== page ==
• Cold audience members: These audience members are disengaged. They’ve stopped opening your emails or reading your posts because they already found help or a solution for the problem your work solves, or they’ve realized you’re not the best person to help them. These people unsubscribe from your emails, unfollow your account and occasionally email you explaining why they won’t be purchasing.
    Size: They’re a small percentage of your overall audience, but it often feels like there’s a lot of them because we notice disengagement.
    Conversion rate: None – but we shouldn’t despair! They were never your people, so be happy that they’re finding what’s right for them. (Your people will find you.)

But, if our warm audience members are tired of sales campaigns (because it seems like everyone we follow is selling something right now) or the conversation is boring, predictable, or pushy – some of them will just check out. They open fewer and fewer emails, stop commenting on blog posts, and basically just take a break from the community.

We all do this. Our audiences do it too.

During your last campaign, some pieces of content generated excitement and enthusiasm, but others didn’t. Some people unsubscribed from your list or stopped opening your emails, but others got excited and shared your stuff with friends.

Ask yourself:

  • What was the overall energy level of your audience?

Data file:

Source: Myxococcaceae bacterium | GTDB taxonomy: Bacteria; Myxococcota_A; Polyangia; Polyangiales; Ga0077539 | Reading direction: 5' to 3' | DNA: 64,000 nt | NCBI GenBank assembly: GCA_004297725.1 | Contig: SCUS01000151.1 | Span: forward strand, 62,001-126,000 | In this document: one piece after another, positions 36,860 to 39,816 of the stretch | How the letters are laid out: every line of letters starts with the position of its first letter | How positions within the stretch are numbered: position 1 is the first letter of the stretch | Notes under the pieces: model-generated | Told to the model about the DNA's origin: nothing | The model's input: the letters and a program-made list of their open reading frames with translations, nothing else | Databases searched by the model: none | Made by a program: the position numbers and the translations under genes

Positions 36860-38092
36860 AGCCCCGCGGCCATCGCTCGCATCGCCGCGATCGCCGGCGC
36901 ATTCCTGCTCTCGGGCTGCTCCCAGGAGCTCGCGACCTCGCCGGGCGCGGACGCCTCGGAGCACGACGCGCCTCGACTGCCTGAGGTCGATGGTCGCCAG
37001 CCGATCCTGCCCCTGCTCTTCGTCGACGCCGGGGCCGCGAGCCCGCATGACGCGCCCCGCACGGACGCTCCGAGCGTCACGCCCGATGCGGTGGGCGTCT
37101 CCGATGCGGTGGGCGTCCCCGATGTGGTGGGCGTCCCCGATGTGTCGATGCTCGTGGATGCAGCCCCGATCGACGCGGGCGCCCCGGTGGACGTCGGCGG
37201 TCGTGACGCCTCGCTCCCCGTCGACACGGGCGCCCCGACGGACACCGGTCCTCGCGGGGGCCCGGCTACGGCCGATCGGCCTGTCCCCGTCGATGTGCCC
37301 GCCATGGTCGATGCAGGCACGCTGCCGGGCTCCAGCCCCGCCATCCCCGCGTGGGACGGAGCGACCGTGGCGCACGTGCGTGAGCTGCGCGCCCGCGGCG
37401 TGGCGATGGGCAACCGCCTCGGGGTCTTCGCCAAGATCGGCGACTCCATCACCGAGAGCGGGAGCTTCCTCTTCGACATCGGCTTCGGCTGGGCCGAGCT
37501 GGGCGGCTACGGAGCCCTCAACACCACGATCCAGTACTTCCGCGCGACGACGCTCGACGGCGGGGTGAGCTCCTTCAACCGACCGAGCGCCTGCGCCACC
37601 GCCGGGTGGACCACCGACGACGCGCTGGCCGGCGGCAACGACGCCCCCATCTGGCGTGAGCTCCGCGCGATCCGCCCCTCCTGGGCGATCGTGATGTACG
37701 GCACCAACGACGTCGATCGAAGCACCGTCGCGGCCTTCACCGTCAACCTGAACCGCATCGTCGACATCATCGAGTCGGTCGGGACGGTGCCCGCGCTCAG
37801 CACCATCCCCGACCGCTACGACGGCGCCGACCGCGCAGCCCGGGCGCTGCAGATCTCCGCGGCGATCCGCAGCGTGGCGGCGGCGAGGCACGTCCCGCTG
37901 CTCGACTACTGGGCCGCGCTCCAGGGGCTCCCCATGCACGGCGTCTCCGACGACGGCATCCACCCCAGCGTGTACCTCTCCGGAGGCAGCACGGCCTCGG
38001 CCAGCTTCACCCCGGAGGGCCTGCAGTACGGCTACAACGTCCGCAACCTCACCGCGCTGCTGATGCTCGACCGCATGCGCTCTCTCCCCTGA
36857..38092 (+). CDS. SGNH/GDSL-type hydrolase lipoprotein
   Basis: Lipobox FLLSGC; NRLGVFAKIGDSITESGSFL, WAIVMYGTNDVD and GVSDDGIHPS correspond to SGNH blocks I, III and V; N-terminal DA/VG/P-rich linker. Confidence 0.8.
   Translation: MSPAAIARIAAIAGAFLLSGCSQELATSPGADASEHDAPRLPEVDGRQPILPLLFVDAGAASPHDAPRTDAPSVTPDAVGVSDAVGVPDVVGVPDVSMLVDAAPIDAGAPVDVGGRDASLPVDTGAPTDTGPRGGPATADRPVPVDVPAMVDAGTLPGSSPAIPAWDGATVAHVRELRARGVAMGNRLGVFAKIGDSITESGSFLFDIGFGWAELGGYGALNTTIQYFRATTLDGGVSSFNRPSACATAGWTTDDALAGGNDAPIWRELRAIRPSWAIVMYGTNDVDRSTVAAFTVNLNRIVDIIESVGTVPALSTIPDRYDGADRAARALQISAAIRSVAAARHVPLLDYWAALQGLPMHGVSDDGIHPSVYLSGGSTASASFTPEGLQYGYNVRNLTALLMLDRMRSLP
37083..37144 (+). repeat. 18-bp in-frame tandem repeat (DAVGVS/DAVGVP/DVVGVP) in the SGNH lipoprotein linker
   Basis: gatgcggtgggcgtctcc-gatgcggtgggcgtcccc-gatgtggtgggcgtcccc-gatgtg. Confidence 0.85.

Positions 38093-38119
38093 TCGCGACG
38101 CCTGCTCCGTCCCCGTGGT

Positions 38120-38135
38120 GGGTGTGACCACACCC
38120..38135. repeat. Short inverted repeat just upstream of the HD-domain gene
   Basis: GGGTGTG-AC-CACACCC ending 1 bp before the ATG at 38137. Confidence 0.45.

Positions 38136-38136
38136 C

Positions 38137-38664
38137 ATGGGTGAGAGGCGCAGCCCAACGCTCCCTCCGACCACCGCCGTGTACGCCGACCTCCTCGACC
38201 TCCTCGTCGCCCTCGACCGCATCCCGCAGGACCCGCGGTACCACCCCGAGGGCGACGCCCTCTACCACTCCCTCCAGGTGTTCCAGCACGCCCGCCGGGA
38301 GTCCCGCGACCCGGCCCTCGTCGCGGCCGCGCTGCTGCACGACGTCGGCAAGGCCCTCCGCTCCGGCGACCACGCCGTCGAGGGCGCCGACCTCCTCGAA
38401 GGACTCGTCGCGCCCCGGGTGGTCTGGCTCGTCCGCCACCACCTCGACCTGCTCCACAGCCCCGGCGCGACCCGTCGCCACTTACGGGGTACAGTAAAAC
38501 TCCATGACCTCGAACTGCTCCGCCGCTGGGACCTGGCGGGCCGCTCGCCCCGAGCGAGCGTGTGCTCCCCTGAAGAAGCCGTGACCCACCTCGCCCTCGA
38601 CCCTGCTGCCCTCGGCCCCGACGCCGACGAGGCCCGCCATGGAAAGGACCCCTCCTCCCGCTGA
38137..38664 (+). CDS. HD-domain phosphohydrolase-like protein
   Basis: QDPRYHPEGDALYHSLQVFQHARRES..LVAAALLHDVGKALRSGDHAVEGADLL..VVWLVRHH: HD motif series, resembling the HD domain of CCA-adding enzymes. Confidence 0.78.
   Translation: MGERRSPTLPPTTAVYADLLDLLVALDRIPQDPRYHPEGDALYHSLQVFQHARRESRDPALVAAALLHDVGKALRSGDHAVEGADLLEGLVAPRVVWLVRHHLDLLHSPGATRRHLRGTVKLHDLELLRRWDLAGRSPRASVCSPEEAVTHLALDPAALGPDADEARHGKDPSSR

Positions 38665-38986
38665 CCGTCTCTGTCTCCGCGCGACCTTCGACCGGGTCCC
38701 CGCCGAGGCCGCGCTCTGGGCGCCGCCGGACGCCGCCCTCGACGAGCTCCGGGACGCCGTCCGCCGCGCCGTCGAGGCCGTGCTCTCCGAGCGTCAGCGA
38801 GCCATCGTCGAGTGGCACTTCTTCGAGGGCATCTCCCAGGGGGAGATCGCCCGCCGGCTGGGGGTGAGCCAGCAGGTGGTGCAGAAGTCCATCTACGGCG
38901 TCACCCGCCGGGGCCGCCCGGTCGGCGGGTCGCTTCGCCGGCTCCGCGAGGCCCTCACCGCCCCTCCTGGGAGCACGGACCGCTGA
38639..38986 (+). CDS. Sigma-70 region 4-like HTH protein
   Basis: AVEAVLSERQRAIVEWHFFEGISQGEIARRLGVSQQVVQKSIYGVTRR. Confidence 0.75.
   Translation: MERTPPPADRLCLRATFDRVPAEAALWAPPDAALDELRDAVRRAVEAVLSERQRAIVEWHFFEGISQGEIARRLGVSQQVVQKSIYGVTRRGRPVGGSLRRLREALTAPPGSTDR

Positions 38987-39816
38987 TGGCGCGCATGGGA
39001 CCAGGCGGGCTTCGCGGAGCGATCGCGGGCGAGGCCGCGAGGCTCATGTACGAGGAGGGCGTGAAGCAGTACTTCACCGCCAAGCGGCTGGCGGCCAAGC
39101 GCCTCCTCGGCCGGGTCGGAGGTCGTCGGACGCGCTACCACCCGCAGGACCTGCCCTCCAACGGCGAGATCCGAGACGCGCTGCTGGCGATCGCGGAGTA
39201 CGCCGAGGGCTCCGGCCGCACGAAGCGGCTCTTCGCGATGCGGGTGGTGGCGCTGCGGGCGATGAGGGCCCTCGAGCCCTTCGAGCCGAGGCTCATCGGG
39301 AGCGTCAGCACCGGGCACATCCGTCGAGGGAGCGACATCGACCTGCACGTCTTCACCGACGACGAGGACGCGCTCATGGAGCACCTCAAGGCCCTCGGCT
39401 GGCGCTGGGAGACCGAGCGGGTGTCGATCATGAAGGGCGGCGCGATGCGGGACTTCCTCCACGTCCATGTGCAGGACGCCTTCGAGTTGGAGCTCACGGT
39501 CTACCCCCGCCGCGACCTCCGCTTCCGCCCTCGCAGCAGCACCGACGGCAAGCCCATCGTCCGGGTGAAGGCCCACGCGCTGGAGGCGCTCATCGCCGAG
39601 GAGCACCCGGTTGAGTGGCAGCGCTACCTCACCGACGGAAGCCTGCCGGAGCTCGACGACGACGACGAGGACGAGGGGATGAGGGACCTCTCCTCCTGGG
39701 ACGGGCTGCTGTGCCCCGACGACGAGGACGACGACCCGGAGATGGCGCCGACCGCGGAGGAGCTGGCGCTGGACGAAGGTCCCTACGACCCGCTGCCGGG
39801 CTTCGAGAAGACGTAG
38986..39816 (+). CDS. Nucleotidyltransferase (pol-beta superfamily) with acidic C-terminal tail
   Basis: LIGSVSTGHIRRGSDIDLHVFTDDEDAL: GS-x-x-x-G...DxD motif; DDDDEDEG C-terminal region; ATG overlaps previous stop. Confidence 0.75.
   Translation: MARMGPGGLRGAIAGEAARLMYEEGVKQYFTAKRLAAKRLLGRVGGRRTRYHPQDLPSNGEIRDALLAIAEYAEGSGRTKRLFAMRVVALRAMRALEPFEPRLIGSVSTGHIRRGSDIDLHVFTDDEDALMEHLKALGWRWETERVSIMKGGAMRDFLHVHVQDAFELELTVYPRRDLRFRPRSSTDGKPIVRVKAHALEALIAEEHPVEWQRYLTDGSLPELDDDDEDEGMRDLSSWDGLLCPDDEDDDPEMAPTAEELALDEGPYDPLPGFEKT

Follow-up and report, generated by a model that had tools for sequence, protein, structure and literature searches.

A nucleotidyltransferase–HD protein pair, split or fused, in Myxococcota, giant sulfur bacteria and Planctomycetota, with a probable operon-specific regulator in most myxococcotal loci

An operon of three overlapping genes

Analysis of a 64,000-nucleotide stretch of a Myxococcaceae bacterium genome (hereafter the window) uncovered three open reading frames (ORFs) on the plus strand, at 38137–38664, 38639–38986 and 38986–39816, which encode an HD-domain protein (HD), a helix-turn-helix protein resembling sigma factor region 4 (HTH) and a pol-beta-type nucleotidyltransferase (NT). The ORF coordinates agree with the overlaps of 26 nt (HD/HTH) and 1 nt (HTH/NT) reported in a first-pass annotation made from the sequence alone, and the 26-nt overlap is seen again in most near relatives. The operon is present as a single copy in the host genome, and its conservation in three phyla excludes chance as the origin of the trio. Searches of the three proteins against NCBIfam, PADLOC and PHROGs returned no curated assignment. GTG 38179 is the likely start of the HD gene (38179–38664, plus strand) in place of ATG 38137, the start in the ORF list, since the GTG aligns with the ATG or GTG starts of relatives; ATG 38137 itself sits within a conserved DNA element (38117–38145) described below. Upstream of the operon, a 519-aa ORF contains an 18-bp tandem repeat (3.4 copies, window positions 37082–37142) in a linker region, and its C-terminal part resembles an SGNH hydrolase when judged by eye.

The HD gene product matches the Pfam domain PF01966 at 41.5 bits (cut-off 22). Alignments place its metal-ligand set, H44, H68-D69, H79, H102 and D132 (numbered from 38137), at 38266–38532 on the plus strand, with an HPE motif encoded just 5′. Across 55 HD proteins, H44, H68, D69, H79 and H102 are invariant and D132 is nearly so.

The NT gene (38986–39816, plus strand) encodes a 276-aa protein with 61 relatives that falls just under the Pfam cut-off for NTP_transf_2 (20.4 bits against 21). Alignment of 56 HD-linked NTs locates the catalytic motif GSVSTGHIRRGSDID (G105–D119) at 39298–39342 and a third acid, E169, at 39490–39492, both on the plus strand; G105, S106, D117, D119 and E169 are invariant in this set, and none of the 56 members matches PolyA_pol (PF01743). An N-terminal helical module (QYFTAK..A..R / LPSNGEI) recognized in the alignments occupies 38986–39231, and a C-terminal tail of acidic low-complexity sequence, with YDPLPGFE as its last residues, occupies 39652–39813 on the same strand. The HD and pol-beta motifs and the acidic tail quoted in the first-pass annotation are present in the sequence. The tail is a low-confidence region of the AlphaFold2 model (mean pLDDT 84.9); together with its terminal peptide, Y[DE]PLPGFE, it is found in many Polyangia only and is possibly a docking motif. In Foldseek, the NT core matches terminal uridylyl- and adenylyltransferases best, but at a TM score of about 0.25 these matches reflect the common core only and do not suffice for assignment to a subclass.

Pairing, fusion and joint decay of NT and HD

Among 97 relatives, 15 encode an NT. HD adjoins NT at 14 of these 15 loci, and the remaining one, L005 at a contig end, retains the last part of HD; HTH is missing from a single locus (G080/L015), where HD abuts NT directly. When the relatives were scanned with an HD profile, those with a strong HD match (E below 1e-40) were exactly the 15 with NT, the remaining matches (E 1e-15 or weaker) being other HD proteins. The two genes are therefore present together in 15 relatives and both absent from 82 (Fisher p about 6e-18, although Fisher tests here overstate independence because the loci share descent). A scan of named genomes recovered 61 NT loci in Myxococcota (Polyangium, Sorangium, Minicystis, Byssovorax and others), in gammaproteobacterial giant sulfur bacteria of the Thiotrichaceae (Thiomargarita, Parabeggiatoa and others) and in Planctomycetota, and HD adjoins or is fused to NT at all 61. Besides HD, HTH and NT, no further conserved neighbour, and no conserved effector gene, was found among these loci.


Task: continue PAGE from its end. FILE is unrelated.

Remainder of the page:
• What kinds of feedback did you get on your posts and after your events?
  • Which ideas did your audience respond to most on social media? On your blog? By email?
  • Did you have to push the conversation or did people start engaging in social media or within your community on their own?

Use the answers to these questions – and your overall perception of your audience’s enthusiasm – to evaluate the quality of your message and consider the relationships you’ve been building up between campaigns. Consider expanding on the things that worked in the future, and paying more active attention to audience building before your next campaign starts. You may also want to eliminate or minimize, the parts of your story that didn’t get as strong of a response.


How did your traffic paths perform?

During this campaign, you built a variety of bridges for the general public to find your business. These are ways people can discover you, so they have a chance to see your message and your campaign. Online traffic paths are more commonly called referrals, and I use the phrase traffic paths to refer to both online and offline sources.

The traffic paths that will come to mind first are probably places you actively marketed your campaign – maybe Instagram, or by being a guest on podcasts. Some traffic paths will be ones you’ve used before – maybe Facebook ads or guest posts, freebie offers or Pinterest. Others were new to you. In my last post, I encouraged you to plan an experiment and try building a new bridge in some way. Well, it’s time to evaluate your efforts and see how things went.